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Curie was the first woman to be awarded a Nobel Prize. Eight years later, she received the 1911 Nobel Prize in Chemistry, “in recognition of her services to the advancement of chemistry by the discovery of the elements radium and polonium, by the isolation of radium and the study of the nature and compounds of this remarkable element”.

In an unusual decision, Sklodowska-Curie intentionally refrained from patenting the radium-isolation process so that the scientific community could do research unhindered.

A month after accepting her 1911 Nobel Prize, she was hospitalized with depression and a kidney ailment.


Pierre Curie (May 15, 1859 – died April 19, 1906) was a French physicist, a pioneer in crystallography, magnetism, piezoelectricity and radioactivity.

He shared the 1903 Nobel Prize in physics with his wife, Maria Sklodowska-Curie (Marie Curie), and Henri Becquerel,” in recognition of the extraordinary services they have rendered by their joint researches on the radiation phenomena discovered by Professor Henri Becquerel.”

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Born in Paris, France, Pierre was educated by his father, and in his early teens showed a strong aptitude for mathematics and geometry. By the age of 18 he had completed the equivalent of a higher degree, but did not proceed immediately to a doctorate due to lack of money. Instead he worked as a laboratory instructor.

In 1880, Pierre and his older brother Jacques demonstrated that an electric potential was generated when crystals were compressed, i.e. piezoelectricity. Shortly afterwards, in 1881, they demonstrated the reverse effect: that crystals could be made to deform when subject to an electric field. Almost all digital electronic circuits now rely on this phenomenon in the form of crystal oscillators.

Prior to his famous doctoral studies on magnetism he designed and perfected an extremely sensitive torsion balance for measuring magnetic coefficients. Variations on this equipment were commonly used by future workers in that area. Pierre Curie studied ferromagnetism, paramagnetism, and diamagnetism for his doctoral thesis, and discovered the effect of temperature on paramagnetism which is now known as Curie’s law. The material constant in Curie’s law is known as the Curie constant. He also discovered that ferromagnetic substances exhibited a critical temperature transition, above which the substances lost their ferromagnetic behaviour. This is now known as the Curie point.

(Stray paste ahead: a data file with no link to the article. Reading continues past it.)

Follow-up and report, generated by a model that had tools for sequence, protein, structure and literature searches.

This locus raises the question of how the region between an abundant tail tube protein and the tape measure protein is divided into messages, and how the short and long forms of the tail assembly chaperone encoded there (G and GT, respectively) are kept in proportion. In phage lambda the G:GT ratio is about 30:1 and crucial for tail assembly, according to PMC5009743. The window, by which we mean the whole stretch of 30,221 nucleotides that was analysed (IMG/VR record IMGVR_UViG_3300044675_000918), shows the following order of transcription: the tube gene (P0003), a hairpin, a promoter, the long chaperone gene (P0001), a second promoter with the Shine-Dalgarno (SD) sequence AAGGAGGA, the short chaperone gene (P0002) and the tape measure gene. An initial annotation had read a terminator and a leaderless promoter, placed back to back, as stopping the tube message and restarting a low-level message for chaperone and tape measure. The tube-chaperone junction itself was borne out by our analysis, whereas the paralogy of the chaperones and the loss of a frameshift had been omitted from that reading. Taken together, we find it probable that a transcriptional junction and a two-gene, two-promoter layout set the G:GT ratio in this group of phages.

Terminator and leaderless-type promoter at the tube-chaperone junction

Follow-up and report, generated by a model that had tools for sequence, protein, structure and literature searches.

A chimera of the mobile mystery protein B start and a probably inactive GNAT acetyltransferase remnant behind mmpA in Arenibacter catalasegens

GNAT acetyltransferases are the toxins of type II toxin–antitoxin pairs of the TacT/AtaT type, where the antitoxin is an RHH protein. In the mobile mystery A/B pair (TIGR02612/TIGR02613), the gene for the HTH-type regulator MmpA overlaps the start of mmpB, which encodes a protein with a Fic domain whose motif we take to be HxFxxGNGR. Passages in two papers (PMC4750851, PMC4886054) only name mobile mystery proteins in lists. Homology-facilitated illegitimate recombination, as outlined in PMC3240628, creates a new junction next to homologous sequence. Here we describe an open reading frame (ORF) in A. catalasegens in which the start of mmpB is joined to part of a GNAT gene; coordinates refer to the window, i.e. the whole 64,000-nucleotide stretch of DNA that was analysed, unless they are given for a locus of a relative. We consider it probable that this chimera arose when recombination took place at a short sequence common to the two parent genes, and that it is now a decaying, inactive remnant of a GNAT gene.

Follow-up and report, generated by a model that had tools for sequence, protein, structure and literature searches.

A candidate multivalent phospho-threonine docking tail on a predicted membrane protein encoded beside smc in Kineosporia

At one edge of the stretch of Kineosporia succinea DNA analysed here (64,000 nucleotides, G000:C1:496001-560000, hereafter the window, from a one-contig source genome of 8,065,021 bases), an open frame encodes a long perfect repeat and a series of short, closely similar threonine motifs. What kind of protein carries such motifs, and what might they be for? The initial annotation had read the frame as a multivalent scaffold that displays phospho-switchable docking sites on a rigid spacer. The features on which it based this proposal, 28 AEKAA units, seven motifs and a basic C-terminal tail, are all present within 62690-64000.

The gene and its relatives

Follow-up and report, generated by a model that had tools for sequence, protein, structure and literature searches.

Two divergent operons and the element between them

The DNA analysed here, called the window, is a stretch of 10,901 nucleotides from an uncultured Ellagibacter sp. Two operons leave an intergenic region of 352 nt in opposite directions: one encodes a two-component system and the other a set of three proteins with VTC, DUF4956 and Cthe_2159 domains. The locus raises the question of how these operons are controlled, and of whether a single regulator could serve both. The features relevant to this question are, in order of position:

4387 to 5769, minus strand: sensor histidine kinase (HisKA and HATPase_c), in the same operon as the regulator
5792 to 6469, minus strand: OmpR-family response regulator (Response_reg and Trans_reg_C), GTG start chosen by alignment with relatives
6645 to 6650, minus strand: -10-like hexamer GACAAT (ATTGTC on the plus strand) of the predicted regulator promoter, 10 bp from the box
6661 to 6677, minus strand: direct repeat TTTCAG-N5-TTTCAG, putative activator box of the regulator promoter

Pierre formulated what is now known as the Curie Dissymmetry Principle: a physical effect cannot have a dissymmetry absent from its efficient cause. For example, a random mixture of sand in zero gravity has no dissymmetry (it is isotropic). Introduce a gravitational field, then there is a dissymmetry because of the direction of the field. Then the sand grains can ‘self-sort’ with the density increasing with depth. But this new arrangement, with the directional arrangement of sand grains, actually reflects the dissymmetry of the gravitational field that causes the separation.

Pierre worked with his wife Marie Curie in isolating polonium and radium. They were the first to use the term “radioactivity,” and were pioneers in its study. Their work, including Marie’s celebrated doctoral work, made use of a sensitive piezoelectric electrometer constructed by Pierre and his brother Jacques.

Pierre and one of his students made the first discovery of nuclear energy, by identifying the continuous emission of heat from radium particles. He also investigated the radiation emissions of radioactive substances, and through the use of magnetic fields was able to show that some of the emissions were positively charged, some were negative and some were neutral. These correspond to alpha, beta and gamma radiation.

The curie is a unit of radioactivity (3.7 x 1010 decays per second or 37 gigabecquerels) originally named in honour of Pierre Curie by the Radiology Congress in 1910, after Pierre’s death.

Pierre also legitimated the medium Eusapia Palladino. In a letter to Georges Gouy, July 24, 1905, he writes: “We had at the Psychology Society a few séances with the medium Eusapia Palladino. It was very interesting, and truly those phenomena that we have witnessed seemed to us to not be some magical tricks –a table lifted four feet above the floor, movements of objects, feelings of hands that pinched you or carressed you, apparitions of light. All this in a room arranged by us, with a small number of spectators all well known and without the presence of a possible accomplice. The only possible cheating would be an extraordinary ability of the medium as a magician. But how to explain the different phenomena when we are holding her hands and legs, and the lighting of the room is sufficient to see everything going on?”

Pierre died as a result of a carriage accident in a snow storm while crossing the Rue Dauphine in Paris on April 19, 1906. Both Pierre and Marie were enshrined in the crypt of the Panthéon in Paris in April 1995.

This article is licensed under the GNU Free Documentation License. It uses materials from the Wikipedia articles “Marie Curie” and “Pierre Curie”